Which of the following, if true, does most to help explain why the oceanologist does not think that the brevotoxins were the primary cause of the dolphins washing upon shore?

Well, if the oceanologist does not think that the brevotoxins were the primary cause of the dolphins washing upon shore, then the oceanologist must think that there is another cause that was the primary cause. Therefore, we need to find what the primary cause could be.

First, remember to choose an answer choice that supports the biologist's conclusion that the dolphins died NOT just from brevotoxin; some people out there do think that it was this toxin, but the oceanologist thinks it must have been something else.
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Re: Oceanologist: Recently an unprecedented number of dead dolphins washed  [#permalink]

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New post 02 Aug 2018, 18:35

Official Explanation
Answer: (B)



We are looking for an additional factor that could account for the dolphins washing upon the shore. (B) gives us such a factor, i.e., toxins released by a major oil spill.

(A) does not provide an additional factor that could account for the beached dolphins. It only discusses location.

(C) almost points at an additional factor, since PCB could help account for what happened to the dolphins. At the same time, (C) does not provide an additional factor beyond what's in the text. It does not offer an explanation as strong as the one provided by (B). The point is that the oceanologist needs something other than brevotoxins to explain the dolphins' deaths. C gives us information about PCB, but doesn't tell us anything else about how much PCB there was or whether it caused the deaths. In fact, it actually gives us information that PCB is not so bad: "the dose of PCB a dolphin encounters in the wild is unlikely to pose a lethal threat to a dolphin."

(D) does not shed any insight into a possible cause.

(E) does the opposite. It suggests that brevotoxins and PCB were responsible for the dolphins washing upon shore. Thus, it doesn't necessarily add weight to the biologists' doubts. Yes, it does say that PCB causes "visible lesions," but we don't know if lesions actually cause death in dolphins. We would have to infer this, and anytime you make this type of inference to choose an answer with these question types, you usually end up in trouble. Also, the first part of the answer choice is a bit ambiguous and doesn't necessarily show that PCB and b-toxins are killers; it only states that they "exercise different effects on an organism." For all we know, some of these effects might be good or might be bad.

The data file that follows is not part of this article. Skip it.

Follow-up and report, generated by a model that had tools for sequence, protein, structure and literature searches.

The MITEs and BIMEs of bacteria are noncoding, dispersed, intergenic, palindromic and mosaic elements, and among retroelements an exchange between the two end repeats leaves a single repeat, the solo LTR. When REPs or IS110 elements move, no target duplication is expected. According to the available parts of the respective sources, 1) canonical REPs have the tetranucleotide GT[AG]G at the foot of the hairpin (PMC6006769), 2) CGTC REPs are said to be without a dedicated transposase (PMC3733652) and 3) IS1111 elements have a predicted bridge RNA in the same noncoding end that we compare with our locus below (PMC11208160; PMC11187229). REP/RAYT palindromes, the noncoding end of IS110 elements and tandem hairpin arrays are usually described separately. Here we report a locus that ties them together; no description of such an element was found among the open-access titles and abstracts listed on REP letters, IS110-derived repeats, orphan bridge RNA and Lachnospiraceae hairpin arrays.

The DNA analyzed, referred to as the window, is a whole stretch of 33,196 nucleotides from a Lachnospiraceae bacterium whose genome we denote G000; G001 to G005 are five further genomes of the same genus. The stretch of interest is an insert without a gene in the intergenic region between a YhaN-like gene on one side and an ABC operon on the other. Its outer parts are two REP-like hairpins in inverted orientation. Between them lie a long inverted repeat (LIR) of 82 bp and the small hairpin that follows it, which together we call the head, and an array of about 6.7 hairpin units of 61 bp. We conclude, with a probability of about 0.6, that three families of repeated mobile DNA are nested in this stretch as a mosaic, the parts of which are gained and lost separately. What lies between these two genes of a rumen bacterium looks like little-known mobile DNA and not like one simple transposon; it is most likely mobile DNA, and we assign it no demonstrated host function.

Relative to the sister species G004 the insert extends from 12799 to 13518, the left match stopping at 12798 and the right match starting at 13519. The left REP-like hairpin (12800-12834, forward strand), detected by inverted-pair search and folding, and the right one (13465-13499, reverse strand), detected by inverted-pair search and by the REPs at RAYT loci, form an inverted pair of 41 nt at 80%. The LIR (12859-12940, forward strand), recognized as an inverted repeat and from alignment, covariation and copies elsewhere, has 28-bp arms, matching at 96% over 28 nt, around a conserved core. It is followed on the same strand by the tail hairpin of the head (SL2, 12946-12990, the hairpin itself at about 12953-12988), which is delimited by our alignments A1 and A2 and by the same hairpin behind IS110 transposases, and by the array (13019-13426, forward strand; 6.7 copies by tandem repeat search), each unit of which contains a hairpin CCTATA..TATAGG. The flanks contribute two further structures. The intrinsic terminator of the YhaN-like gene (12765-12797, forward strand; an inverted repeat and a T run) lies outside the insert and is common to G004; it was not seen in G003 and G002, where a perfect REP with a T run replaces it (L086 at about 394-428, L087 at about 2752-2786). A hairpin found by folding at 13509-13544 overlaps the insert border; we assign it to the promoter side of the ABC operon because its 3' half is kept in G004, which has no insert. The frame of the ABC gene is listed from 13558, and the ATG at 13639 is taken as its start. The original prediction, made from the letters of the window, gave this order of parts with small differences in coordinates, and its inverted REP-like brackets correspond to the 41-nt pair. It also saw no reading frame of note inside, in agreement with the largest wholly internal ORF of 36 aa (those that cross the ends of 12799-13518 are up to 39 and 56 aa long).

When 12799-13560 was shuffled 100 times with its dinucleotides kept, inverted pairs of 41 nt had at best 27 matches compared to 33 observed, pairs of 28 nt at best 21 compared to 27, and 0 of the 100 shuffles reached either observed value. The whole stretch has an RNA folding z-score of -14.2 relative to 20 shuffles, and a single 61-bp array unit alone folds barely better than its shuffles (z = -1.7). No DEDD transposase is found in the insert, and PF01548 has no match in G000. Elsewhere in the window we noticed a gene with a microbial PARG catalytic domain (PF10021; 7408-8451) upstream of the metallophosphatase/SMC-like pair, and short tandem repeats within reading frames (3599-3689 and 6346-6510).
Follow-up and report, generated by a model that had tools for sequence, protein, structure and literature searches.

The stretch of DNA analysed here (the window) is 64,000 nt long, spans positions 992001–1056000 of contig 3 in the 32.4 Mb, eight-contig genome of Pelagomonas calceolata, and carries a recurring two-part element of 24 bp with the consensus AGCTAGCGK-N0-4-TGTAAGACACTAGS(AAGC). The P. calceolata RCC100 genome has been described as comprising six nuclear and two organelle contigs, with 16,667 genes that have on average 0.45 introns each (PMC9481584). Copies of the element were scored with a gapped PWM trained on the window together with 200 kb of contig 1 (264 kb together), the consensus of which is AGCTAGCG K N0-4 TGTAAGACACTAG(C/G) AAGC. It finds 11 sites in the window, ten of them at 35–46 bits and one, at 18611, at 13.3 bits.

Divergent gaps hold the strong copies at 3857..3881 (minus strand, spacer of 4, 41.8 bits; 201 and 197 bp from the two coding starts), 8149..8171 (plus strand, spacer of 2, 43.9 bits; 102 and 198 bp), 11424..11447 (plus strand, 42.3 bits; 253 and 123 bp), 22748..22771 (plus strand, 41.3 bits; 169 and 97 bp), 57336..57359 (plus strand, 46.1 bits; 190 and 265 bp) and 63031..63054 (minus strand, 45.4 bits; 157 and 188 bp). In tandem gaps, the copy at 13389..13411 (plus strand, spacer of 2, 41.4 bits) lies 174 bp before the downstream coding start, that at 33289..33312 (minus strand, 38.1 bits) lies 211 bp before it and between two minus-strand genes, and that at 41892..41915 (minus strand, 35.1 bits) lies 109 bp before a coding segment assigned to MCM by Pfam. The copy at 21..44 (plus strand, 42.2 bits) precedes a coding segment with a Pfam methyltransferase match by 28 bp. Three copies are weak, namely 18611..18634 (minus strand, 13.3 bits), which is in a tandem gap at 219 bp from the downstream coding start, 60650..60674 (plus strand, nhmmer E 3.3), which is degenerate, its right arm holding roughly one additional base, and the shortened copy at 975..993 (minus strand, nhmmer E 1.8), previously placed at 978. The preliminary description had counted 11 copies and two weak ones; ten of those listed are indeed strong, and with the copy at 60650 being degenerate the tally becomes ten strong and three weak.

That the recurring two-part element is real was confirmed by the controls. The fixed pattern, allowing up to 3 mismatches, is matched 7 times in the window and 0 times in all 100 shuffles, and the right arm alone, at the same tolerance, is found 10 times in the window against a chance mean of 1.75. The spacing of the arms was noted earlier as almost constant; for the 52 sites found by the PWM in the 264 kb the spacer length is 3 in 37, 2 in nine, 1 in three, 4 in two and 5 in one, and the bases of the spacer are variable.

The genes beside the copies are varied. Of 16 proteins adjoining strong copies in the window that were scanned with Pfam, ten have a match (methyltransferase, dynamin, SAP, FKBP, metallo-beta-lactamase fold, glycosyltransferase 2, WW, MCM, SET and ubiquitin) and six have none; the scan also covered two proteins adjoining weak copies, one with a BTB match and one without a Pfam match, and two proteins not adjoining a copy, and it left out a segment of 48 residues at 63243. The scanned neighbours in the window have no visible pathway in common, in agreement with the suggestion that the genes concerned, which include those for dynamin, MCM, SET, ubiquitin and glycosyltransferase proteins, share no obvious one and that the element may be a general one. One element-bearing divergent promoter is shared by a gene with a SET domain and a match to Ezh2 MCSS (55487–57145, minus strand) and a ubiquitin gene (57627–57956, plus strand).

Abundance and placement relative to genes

FAQs: What is this question actually asking?



Let's take another look at the question wording:

Which of the following, if true, does most to help explain the oceanologist’s doubt that the brevotoxins were the primary cause of the dolphins washing upon shore?
We can rephrase this to say:

Which of the following, if true, does most to help explain why the oceanologist does not think that the brevotoxins were the primary cause of the dolphins washing upon shore?

Well, if the oceanologist does not think that the brevotoxins were the primary cause of the dolphins washing upon shore, then the oceanologist must think that there is another cause that was the primary cause. Therefore, we need to find what the primary cause could be.

I don't understand why (B) is the correct answer. The question is asking for me to provide support for the fact that brevotoxins couldn't be the sole cause of the dolphins' death. However, (B) does not do this.

First, remember to choose an answer choice that supports the biologist's conclusion that the dolphins died NOT just from brevotoxin; some people out there do think that it was this toxin, but the oceanologist thinks it must have been something else.

It's understandable to be hesitant to choose (B), since it seems like something that was already said in the passage. But actually, (B) does add more detail, and thus support, to the biologists' doubt. Choice (B) not only gives us a source of both the b-toxin and the PCB, but we are also told that other "deleterious industrious pollutants" were released. PCB is just one of them. So this answer choice doesn't really repeat what's been said.
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Re: Oceanologist: Recently an unprecedented number of dead dolphins washed &nbs [#permalink] 02 Aug 2018, 18:35